Spanish imperial eagle (Aquila adalberti)

Also known as: Adalbert’s eagle, White-shouldered eagle
Synonyms: Aquila heliaca adalberti
  
Spanish: Aguila Imperial Ibérica
KingdomAnimalia
PhylumChordata
ClassAves
OrderFalconiformes
FamilyAccipitridae
GenusAquila (1)
SizeLength: 75 – 84 cm (2)

The Spanish imperial eagle is classified as Vulnerable (VU) on the IUCN Red List 2006 (1) and is listed on Appendices I and II of both CITES (3) and the Convention on Migratory Species (CMS or Bonn Convention) (4). It is also listed on Appendices II and III of the Berne Convention of European Wildlife and Natural Habitats (5) and Annex I of the EC Birds Directive (6).

This large eagle has a pale cream head and neck, but dark brown feathers elsewhere. There is a distinctive white area on the shoulders and a pale grey area on the upper tail, and the species can be recognised by its particularly flat gliding flight. It gives a repeated barking ‘owk’ when calling. Juveniles are red-brown fading to pale brown with dark flight feathers and white fringes (2).

The Spanish imperial eagle breeds in central and southwest Spain, with populations found in the Sierras of Guadarrama and Gredos, the plains of the Tajo and Tiétar rivers, Monters de Toledo, the central hills of Extremadura, the Alcudia valley, Sorena Morena and the Guadalquivir marshes. It previously bred in Portugal, Algeria and Morocco, but is now only found there as a vagrant (2). It is also found in France and Gibraltar as a vagrant (1).

Inhabits cork oak forests, plains and hills in central Spain, flood plains and dunes in the Guadalquivir marshes and on high mountain slopes in the Sistema Central, where irrigated farmland is absent (2).

Adult Spanish imperial eagles occupy territories in pairs all year-round (7). They defend these territories from intrusion by other raptors, allowing only immature members of their own species to enter (8). Nests are built in tall oak trees, in small stands of trees far from human disturbance (7). During the breeding season, both the male and female of the monogamous pair will participate in the incubation of the eggs and the care of the chicks. Prey is torn into manageable pieces for the chicks until they are ready to hunt for themselves. Parent eagles will even shelter the chicks from heavy rain (8).

Feeding almost exclusively on rabbits, the Spanish imperial eagle’s population density, range and reproductive performance are influenced by the abundance and distribution of prey in the area (2). This eagle species is also known to eat greylag geese in southern Spain in the winter (9).

In the 1960s, with just 30 pairs remaining, conservation efforts succeeded in increasing the population of the Spanish imperial eagle by a considerable amount. However, since 1994, the population has been allowed to decline again to just 160 pairs. There are several causes of this decline: habitat fragmentation due to deforestation for agricultural land and timber has disturbed breeding grounds, intentional poisoning on hunting reserves to reduce natural predators of game species, lead shot poisoning as a result of ingestion of game killed with bullets, and electrocution on power cables (2). Approximately 80% of eagles killed on power lines are female, causing a greater impact on this monogamous species than if equal numbers of males and females were killed (10).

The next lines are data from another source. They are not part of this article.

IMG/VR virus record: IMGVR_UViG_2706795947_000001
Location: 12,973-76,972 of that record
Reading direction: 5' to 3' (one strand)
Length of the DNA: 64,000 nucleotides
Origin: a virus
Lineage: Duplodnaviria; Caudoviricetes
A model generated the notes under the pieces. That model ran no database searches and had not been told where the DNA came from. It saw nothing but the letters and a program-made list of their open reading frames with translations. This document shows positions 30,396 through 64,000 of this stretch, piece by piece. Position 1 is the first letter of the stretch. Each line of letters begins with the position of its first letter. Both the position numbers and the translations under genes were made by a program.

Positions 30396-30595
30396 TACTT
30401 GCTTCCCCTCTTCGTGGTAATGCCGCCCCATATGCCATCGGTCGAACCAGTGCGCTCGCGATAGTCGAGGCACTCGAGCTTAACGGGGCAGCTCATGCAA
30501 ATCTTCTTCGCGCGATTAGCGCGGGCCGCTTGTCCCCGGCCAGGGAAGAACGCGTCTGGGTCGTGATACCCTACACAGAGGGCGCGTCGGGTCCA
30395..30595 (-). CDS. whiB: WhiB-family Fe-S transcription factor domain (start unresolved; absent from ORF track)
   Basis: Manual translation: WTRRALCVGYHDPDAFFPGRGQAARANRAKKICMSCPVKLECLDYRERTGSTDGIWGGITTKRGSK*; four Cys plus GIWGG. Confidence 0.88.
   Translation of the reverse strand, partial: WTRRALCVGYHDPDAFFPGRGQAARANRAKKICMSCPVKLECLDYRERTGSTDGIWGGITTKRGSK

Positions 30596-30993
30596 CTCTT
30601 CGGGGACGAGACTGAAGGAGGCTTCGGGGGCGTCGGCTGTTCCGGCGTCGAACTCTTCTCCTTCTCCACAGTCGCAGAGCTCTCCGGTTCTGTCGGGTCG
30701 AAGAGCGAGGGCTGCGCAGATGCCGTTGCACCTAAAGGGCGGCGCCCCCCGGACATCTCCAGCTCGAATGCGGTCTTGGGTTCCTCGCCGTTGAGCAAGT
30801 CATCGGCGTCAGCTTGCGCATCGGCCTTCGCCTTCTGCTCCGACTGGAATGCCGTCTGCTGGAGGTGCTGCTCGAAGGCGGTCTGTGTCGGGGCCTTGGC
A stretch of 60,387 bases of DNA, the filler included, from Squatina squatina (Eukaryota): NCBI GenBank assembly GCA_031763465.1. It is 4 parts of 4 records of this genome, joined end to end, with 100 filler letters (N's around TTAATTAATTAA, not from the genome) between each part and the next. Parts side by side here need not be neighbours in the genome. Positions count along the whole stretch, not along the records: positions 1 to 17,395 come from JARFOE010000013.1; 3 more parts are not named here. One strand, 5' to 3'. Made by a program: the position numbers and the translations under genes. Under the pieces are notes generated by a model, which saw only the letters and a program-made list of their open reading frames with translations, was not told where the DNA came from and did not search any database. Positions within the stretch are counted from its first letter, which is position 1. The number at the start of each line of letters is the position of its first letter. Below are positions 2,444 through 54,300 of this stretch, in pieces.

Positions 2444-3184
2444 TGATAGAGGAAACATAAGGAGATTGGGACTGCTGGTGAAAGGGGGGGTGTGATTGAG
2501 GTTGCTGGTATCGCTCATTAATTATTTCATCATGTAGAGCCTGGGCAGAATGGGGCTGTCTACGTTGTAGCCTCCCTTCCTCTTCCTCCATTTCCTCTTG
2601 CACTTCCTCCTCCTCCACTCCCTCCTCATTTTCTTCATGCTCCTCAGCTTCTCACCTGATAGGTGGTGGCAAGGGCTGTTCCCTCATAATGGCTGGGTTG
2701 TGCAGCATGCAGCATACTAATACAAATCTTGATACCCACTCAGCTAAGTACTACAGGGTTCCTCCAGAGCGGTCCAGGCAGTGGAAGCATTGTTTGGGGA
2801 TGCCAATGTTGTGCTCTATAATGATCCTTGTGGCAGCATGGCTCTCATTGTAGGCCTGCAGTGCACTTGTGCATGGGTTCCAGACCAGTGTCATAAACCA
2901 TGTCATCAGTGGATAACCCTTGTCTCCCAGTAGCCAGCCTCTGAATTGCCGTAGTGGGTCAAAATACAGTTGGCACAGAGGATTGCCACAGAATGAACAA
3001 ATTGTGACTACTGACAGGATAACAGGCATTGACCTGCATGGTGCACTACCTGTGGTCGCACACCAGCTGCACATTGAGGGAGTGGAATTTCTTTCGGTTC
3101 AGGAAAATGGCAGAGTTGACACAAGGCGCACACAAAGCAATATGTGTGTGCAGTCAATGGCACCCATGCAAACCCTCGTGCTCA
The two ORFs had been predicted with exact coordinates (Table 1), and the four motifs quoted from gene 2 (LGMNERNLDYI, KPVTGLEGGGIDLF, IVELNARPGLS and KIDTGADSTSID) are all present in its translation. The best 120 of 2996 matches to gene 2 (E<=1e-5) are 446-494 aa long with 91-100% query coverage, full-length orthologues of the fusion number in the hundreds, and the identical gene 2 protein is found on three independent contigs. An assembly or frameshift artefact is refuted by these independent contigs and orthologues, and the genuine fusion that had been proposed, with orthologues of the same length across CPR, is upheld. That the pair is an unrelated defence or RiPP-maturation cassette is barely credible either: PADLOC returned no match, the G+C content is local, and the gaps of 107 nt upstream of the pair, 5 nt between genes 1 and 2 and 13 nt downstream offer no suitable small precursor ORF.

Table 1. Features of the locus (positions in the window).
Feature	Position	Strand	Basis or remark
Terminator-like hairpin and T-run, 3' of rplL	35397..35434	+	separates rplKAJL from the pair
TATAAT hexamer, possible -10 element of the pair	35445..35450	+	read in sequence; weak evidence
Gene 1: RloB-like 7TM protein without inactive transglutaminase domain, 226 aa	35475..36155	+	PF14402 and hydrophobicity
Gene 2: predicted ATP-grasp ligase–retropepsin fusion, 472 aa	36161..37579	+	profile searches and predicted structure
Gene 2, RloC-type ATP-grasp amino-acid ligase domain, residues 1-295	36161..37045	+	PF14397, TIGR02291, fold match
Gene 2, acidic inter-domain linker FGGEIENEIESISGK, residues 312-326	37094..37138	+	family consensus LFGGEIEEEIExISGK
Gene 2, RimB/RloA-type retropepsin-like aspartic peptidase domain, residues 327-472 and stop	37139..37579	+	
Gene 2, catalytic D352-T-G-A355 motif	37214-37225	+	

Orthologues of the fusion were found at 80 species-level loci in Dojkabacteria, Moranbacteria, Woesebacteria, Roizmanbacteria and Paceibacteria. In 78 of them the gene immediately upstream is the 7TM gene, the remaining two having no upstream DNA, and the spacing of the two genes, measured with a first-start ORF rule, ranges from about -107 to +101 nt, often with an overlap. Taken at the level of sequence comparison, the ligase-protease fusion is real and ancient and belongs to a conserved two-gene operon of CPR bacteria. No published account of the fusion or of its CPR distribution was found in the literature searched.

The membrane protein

The Spanish imperial eagle relies mainly on rabbits as prey, and following drops in rabbit abundance due to shooting and disease, food supplies have been limited causing reduced breeding success (2) (11).

The Spanish imperial eagle is legally protected in Spain, and 62% of the breeding population occurs in 20 protected areas. A European action plan was published in 1996, and national and regional governments have worked to implement a coordinated conservation plan. A reintroduction plan has seen 13 young released successfully (2).

The action plan proposes the discouragement of intentional poisoning, as well as annual surveying of the breeding population, protection and management of all breeding sites, increasing the rabbit population and modifying dangerous power lines (2). The modification of just 19% of power poles in the range of the eagle could reduce total mortality by 52% (12).

For further information on the Spanish imperial species see:

This information is awaiting authentication by a species expert, and will be updated as soon as possible. If you are able to help please contact:
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  1. IUCN Red List (May, 2006)
    http://www.redlist.org
  2. BirdLife International (February, 2005)
    http://www.birdlife.org/datazone/search/species_search.html?action=SpcHTMDetails.asp&sid=3534&m=0
  3. CITES (February, 2005)
    http://www.cites.org
  4. CMS (February, 2005)
    http://www.cms.int
  5. Berne Convention (February, 2005)
    http://www.jiwlp.com/contents/bern.pdf
  6. EC Birds Directive (February, 2005)
    http://www.jncc.gov.uk/page-1373
  7. Bisson, I.A., Ferrer, M. and Bird, D.M. (2002) Factors influencing nest-site selection by Spanish imperial eagles. Journal of Field Ornithology, 73(3): 298 - 302.
  8. Meyburg, B.U. (1975) On the biology of the Spanish imperial eagle. Publicado En Ardeda, 21: 1 - 10.
  9. Pain, D.J., Meharg, A.A., Ferrer, M., Taggart, M. and Penteriani, V. (2005) Lead concentrations in bones and feathers of the globally threatened Spanish imperial eagle. Biological Conservation, 121(4): 603 - 610.
  10. Ferrer, M. and Hiraldo, F. (1992) Man-induced sex-biased mortality in the Spanish imperial eagle. Biological Conservation, 60(1): 57 - 60.
  11. Ferrer, M. and Negro, J.J. (2004) The near extinction of two large European predators: Super specialists pay a price. Conservation Biology, 118(2): 183 - 193.
  12. Janss, G.F.E. and Ferrer, M. (2001) Avian electrocution mortality in relation to pole design and adjacent habitat in Spain. Bird Conservation International, 11(1): 3 - 12.